An intense deep blue that can break to pinks and violets under certain conditions.
Cobalt Oxide is an inhalation hazard and dermal contact irritant.It can cause conjunctivitis-like symptoms, rhinitis (inflammation of the nasal membrane) and irritation of the skin if protective measures aren’t taken.If the dust or firing fumes are inhaled they can result in cobalt poisoning and symptoms that include coughing, weight loss, respiratory hypersensitivity, dyspnoea, diffuse nodular fibrosis, decreased lung function and goitre.It has a carcinogen rating of 2B (possible carcinogen in humans).
It is recommended that Cobalt Oxide not be used on functionalware as an oxide wash or in a glaze that may leech.High gloss glazes help in binding otherwise toxic minerals, but there are concerns that some glazes will allow significant amounts of leeching, particularly if used with anything acidic (for example, a bowl holding a citrus fruit salad – especially if the fruit is left sitting in it for any length of time).This comes down to the specific glaze recipe, so I can only advise you to research your glazes and be aware of any leeching concerns before using them yourself or selling them as functionalware.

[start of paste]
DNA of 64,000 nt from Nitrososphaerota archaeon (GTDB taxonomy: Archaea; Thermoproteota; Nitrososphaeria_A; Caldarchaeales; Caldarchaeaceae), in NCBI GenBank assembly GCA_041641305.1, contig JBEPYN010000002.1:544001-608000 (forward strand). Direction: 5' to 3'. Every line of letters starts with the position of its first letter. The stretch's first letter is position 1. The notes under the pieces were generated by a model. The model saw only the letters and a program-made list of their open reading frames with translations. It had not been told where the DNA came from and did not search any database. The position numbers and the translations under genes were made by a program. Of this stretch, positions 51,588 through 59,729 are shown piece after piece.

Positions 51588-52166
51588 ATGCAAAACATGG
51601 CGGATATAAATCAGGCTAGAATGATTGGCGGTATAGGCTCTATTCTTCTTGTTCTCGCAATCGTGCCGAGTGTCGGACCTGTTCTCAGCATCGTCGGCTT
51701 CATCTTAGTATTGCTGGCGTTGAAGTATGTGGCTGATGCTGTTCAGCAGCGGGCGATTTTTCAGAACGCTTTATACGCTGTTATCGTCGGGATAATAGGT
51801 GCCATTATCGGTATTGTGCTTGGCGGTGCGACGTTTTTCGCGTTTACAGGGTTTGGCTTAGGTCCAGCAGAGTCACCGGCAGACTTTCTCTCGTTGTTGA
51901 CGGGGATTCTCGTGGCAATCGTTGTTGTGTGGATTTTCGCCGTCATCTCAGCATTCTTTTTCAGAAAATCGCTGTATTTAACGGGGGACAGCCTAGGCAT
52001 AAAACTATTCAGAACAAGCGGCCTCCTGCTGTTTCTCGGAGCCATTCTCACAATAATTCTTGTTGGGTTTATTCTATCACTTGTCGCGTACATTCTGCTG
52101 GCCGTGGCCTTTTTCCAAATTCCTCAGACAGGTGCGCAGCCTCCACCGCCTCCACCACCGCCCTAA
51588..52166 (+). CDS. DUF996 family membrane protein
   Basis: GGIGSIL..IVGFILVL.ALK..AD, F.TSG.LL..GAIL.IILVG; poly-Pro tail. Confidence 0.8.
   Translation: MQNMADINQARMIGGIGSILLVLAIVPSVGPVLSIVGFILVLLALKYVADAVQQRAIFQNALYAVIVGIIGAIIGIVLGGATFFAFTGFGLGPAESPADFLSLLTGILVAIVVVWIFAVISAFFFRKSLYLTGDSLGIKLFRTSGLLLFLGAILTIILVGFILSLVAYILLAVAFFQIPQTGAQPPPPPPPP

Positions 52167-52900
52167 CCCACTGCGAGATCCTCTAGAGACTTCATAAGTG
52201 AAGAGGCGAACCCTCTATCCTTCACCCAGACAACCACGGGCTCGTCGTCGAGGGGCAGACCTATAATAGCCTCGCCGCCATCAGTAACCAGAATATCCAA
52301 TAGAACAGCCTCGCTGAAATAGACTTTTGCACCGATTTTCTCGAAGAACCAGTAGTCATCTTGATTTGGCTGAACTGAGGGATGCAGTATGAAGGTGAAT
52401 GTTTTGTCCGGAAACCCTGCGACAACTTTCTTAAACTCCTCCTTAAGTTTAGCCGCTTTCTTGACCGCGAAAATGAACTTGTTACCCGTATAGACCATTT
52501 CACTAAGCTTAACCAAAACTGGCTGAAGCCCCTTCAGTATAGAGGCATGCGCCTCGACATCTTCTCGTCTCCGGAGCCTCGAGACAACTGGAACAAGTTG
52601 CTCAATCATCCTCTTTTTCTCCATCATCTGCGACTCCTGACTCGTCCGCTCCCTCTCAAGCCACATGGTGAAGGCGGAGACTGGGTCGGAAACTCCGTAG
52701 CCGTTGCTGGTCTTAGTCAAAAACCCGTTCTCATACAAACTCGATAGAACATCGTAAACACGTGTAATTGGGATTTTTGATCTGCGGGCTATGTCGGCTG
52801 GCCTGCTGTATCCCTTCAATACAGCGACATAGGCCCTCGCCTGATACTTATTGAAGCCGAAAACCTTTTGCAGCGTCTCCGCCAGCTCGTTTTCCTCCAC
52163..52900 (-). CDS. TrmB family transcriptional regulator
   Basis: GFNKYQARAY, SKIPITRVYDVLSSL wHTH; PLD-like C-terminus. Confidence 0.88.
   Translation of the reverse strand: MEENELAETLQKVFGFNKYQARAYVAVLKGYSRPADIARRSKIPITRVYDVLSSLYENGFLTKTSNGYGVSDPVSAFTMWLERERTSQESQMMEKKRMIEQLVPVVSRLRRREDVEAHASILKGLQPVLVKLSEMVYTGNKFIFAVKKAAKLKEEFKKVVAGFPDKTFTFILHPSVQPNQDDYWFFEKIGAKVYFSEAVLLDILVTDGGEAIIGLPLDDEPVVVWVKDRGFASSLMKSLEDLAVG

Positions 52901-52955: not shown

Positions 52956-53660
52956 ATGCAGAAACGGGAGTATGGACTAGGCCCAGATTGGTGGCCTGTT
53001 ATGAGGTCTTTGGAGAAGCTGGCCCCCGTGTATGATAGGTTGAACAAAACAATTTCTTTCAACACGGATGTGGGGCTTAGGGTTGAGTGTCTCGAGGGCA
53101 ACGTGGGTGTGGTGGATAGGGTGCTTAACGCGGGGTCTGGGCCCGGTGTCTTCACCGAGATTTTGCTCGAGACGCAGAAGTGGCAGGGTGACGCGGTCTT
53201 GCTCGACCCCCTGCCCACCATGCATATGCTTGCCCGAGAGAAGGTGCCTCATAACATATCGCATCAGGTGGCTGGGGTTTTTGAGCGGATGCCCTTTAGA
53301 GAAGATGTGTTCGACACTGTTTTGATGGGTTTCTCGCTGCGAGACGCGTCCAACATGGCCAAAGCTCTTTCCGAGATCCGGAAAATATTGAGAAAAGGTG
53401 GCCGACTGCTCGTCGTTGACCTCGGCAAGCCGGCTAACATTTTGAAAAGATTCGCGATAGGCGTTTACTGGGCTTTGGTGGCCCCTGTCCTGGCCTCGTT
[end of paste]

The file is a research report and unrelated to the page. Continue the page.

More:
Cobalt, if ingested, can cause abdominal pain, diarrhoea, nausea, vomiting and polycythemia.
Cobalt Oxide gives a stronger colour than Cobalt Carbonate but has larger, coarser particles which can cause a grainy mottled effect.The exact composition will vary depending on supplier, but generally Cobalt Oxide is on average 1.4x stronger than Cobalt Carbonate.
Alumina = Green Chrome and Copper = Blue/Green-Blue/Green Chrome and Manganese = Blue-Black/Black Barium = Blue-Green Manganese and Selenium = Yellow Manganese = Slate Blue/Purple Manganese and Iron = Strong Black Rutile = Mottled and textured Blues with streaks Magnesium and Tin = Pink/Lilac Magnesium = Blue-Violet/Blue mottled with Red/Purple (with precise temperature control)